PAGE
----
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Mathematica -56 44 4 (95-120) = -25


This version relies on neither built-in functions for sorting lists, nor randomization functions.

Riffle[RotateLeft[#[[All, 2]], 2], #[[All, 1]]] &
[Partition[l //. {x___, a_, b_, y___} /; b < a :> {x, b, a, y}, 2]]
share|improve this answer
Is Sort not a built-in sort function? – Peter Taylor Oct 24 '12 at 22:56
You are correct! I missed the constraint about sort. – DavidC Oct 24 '12 at 23:20
I made a hand-rolled Sort. – DavidC Oct 25 '12 at 19:04

J, -63 (57-120) characters

Since everyone else is going down the self-written sort route...


Doesn't use any random number function, nor any built-in sort.

Uses a simple recursive selection sort to sort the input.

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Ruby 1.9, -59


Recursion! This one does in fact, unlike my previous Ruby attempts, unsort the list regardless of their original order.

p *(f=->l{l[1]&&f[l-m=l.minmax]+m||[]})[$<.map &:to_i].rotate

Previous attempts

Cute one-liner, now using builtin sort to work properly:

$<.map(&:to_i).sort.each_slice(4){|a,b,c,d|p b,d,a,c}

First one -- Didn't necessarily unsort the last 4 values:

l=$<.map &:to_i
48.times{l-=p *l.minmax}
p b,d,a,c
share|improve this answer
Your -72 solution assumes the list starts out sorted, which is not the case. – histocrat Dec 5 '13 at 19:14
Oops. Seems I didn't re-read the question thoroughly when I revisited this one. Will try to come up with something else. – daniero Dec 6 '13 at 8:28
@histocrat that should do it. – daniero Dec 11 '13 at 16:14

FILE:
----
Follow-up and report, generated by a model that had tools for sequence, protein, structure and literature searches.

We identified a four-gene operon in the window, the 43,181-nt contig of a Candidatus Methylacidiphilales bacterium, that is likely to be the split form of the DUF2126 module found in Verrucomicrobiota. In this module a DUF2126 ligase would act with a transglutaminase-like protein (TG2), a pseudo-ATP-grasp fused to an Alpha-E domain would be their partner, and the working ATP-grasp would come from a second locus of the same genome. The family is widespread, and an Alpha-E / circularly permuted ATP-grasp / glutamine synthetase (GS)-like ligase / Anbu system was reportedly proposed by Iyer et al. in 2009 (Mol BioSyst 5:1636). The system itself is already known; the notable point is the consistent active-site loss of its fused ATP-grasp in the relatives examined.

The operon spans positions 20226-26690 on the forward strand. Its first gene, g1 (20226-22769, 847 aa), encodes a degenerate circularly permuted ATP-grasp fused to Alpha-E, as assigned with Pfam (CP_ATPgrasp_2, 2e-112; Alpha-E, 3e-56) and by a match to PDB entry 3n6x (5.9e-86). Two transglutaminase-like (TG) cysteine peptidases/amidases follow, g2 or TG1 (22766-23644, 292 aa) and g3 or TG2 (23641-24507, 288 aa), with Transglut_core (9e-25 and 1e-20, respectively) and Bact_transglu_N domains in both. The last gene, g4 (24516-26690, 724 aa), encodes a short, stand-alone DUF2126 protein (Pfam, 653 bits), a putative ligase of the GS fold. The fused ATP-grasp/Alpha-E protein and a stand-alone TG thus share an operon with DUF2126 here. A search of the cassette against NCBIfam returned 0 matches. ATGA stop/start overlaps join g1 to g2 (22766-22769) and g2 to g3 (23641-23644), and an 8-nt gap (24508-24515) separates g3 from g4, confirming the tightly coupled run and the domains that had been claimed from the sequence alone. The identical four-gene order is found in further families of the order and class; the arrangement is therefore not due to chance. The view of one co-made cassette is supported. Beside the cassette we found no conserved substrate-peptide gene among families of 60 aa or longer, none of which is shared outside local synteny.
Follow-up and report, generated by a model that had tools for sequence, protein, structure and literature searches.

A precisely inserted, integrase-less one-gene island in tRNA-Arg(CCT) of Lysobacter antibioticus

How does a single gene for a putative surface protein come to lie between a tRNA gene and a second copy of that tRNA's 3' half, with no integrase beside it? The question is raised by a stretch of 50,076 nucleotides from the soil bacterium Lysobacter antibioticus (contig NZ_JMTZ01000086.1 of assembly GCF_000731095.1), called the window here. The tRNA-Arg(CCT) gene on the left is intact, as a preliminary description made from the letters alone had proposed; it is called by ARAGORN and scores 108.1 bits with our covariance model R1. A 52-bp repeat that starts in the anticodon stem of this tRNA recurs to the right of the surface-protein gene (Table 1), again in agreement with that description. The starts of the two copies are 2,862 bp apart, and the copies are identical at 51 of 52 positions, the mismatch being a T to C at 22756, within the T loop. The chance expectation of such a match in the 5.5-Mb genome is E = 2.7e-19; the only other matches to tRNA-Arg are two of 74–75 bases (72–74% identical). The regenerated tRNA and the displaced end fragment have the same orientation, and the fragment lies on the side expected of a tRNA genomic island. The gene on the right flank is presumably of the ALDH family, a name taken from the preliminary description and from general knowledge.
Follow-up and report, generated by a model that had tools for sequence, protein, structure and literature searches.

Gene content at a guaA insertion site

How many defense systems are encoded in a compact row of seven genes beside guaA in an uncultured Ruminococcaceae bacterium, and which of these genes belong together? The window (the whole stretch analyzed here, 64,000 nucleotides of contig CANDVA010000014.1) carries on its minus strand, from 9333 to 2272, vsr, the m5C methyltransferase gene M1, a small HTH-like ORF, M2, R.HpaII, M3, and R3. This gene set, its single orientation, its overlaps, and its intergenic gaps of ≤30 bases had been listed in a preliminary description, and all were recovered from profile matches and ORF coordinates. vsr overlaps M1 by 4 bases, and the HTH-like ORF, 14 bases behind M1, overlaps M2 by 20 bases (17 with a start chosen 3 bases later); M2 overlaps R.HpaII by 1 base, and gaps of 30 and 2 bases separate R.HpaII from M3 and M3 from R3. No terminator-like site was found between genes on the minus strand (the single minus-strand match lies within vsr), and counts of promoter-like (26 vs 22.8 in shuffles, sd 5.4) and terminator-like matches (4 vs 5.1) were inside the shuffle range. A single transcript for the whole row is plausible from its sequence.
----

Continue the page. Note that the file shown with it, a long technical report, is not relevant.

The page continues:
Python 2: 90 char

s=sorted(int(raw_input())for i in range(n))
for i in range(n):print s[(4*i+4*i/n)%n]

lazy attempt but just for starters

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Python 48 = (148 - 100)

from random import*
x=[input()for i in range(100)]
while any(abs(x[i]-x[i+1])>1 for i in range(99)):n=randint(1,99);x=x[n:]+x[:n]
for j in x:print j

Haven't tested this because it isn't guaranteed (or likely) to run in any reasonable amount of time, but should work in theory given infinite time.

share|improve this answer
x=map(input,['']*100) – ugoren Oct 26 '12 at 5:32
wow, I love that – scleaver Oct 29 '12 at 17:24
And I don't think you even need the extra []s, just any single character string. – job Nov 1 '12 at 17:24

Python 27 (147 - 100 - 20)

def S(L):
 for i in R(len(L)-1):
    if L[i]>L[i+1]:L[i:i+2]=[L[i+1],L[i]];S(L)
for i in R(100):print a[i/2+i%2*50]

Note: the spaces before if L[i]>... should be a tab but apparently show up as spaces in a code block.

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With R=range you could save 5 characters. – scleaver Oct 24 '12 at 19:18
a=map(input,['']*100) – ugoren Oct 26 '12 at 5:33

Perl 5: 95 - 120 = -25 chars

Counting the following command line:

perl -ne '$n=$_;splice@n,(grep{$n[$_]>$n}0..@n),0,$n}{print for map{@n[$_,$#n/2+$_+1]}0..$#n/2'
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Ruby: -50 (70 chars - 120)

I did the same as many other answers: iteratively remove the max and min from the input list and append them to the output. However, I realized that if the 2 numbers on either side of the median are themselves consecutive, the output will be incorrect (because those 2 consecutive numbers will appear together at the end of the output). To fix this, I rotate the "unsorted" list right by 1 element:

n=$*.map &:to_i;u=[];50.times{u+=n.minmax;n-=u.last 2};p *u.rotate(-1)

Or, to work with arbitrarily many inputs (using only 4 more characters):

n=$*.map &:to_i;u=[];(u+=n.minmax;n-=u.last 2)while n.any?;p *u.rotate(-1)

Note: Some fewer-char Ruby answers have already been posted, but those solutions did not address the median issue (and/or assumed a sorted input list).

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J 37 - 100 = -63


Uses no sort (though does use rank up) Uses random numbers.


({~?~@#)             NB. Randomizes the array
^: foobar ^:_        NB. as long as
foo =: +./@(1 = |)   NB. as any 1 == absolute value of
bar =: (2&(-/\))@/:  NB. differences between adjacent ranks
foobar =: foo@bar